Court ruling on Ballyshannon Travellers welcomed

A Ballyshannon councillor has welcomed a decision by a Donegal court to order a group of Travellera to leave a site in Ballyshannon.

A Ballyshannon councillor has welcomed a decision by a Donegal court to order a group of Travellera to leave a site in Ballyshannon.

Letterkenny Circuit Court granted an application by Donegal County Council on July 29t ordering the Ward family to leave the site at the Old Mart on Station Road within two months.

The presence of the caravans at the site has led to tensions in the area including a stand off earlier this year when Travellers intended to return to the Station Road site. Up to 12 children are living in three caravans at the encampment. Two of the children have serious health problems.

Donegal County Council says it has spent more than €500,000 on the family and has gone to great lengths to provide accommodation. The family has refused support services and left a council home in Raphoe after causing thousands of euro of damage, the council told last week’s court hearing.

The Donegal Travellers Project says no accommodation solution has been provided in the south of the county. One of the families has two seriously ill children and they to remain in the south of the county to attend regular medical appointments in Sligo General Hospital. The project claims that Donegal County Council’s Traveller Accommodation Programme does not meet the needs of traditional nomadic families.

Deputy mayor of Donegal, Councillor Barry O’Neill said the court had sent out a strong message. “It is not acceptable for Traveller families just to pick and chose whether they are going to live on the side of the road,” he said.

This is the third decision in two years from a court regarding Travellers in the Ballyshannon area, he said.

He said the council has provided property for the family in the county. “It’s quite clear that they did not live by the tenancy agreement.”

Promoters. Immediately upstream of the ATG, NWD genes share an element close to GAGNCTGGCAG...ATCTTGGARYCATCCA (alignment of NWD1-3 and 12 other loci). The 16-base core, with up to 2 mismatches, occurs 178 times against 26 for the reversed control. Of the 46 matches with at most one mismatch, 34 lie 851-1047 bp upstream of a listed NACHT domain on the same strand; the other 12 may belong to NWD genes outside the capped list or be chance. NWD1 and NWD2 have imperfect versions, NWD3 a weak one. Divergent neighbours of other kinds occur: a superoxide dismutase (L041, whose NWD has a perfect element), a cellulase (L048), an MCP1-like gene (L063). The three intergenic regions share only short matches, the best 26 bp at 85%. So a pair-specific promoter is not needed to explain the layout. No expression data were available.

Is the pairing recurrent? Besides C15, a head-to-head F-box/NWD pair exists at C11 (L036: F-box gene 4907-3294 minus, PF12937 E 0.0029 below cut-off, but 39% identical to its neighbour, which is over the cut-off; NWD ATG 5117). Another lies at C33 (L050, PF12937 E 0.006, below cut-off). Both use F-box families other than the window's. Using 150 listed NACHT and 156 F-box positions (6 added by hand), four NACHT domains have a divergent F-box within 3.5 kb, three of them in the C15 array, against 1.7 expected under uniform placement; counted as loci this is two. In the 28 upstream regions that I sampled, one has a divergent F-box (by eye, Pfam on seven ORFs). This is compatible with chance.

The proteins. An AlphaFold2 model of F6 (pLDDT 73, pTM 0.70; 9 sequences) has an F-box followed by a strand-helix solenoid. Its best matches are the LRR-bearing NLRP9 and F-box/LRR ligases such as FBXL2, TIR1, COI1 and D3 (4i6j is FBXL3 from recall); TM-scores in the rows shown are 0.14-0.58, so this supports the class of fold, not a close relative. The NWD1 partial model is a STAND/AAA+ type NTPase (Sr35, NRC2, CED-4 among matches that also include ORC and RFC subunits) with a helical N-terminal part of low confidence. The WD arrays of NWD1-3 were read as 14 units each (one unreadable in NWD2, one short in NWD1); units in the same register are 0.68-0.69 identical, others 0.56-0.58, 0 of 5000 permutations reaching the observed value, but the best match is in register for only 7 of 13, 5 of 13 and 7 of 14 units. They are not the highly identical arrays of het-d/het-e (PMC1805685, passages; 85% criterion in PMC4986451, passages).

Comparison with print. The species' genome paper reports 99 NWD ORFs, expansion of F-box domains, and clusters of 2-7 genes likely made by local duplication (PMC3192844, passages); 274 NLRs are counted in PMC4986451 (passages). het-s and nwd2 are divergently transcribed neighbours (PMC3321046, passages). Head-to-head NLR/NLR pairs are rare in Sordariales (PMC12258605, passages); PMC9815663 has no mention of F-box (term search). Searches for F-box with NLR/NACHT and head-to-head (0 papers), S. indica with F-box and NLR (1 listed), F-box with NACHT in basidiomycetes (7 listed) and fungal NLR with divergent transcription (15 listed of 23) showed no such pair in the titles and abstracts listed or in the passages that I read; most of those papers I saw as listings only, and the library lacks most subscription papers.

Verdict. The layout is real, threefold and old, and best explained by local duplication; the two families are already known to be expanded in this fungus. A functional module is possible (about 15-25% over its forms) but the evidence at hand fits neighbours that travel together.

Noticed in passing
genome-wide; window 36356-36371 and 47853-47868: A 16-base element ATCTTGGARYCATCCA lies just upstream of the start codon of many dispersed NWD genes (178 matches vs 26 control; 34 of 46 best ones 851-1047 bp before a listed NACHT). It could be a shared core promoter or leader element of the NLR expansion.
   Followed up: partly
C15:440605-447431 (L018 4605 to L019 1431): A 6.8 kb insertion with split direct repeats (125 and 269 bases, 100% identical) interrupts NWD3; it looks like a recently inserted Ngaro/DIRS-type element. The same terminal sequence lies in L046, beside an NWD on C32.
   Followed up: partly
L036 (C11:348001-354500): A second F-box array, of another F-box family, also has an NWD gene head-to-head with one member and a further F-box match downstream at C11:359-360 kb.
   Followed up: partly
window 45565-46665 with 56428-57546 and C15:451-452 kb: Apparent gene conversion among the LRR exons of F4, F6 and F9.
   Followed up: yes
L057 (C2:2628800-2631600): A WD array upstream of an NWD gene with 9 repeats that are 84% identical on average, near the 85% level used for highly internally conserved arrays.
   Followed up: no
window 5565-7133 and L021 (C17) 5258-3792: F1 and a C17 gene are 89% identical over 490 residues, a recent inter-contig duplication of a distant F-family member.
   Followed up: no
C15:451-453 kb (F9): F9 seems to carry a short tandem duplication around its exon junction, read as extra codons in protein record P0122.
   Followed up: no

He said the council has made both halting site accomodation and residential accommodation available to family but both have ended in “total abuse and destruction.”

“This particular case has gone to court on three occasions in the last two months so this is absorbing council resources all the time. Everyone would like to see the family settle down and residing and living with everyone else.

“They want it on their terms but their terms don’t meet what the council require of anyone. They were never evicted from a property but they left them.

“Everyone respects that there is a tradition with the family but cases studies show that many Traveller families have settled within the county in residential properties and then there are others who haven’t. A lot of time and resources have gone in from a lot of different agencies to try and help them. This particular group of Travellers seemingly want to live on the road side, they want to live in a halting site.”

Siobhan McLaughlin of Donegal Travellers Project said; “We at Donegal Traveller’s Project feel very strongly that the health and well being of the family should not be neglected by the State or Donegal County Council. We will continue to work together with Dongeal County Council to get these children off the side of the road and into accommodation. Our main interest is to have the health, wellbeing and rights of these children addressed.”

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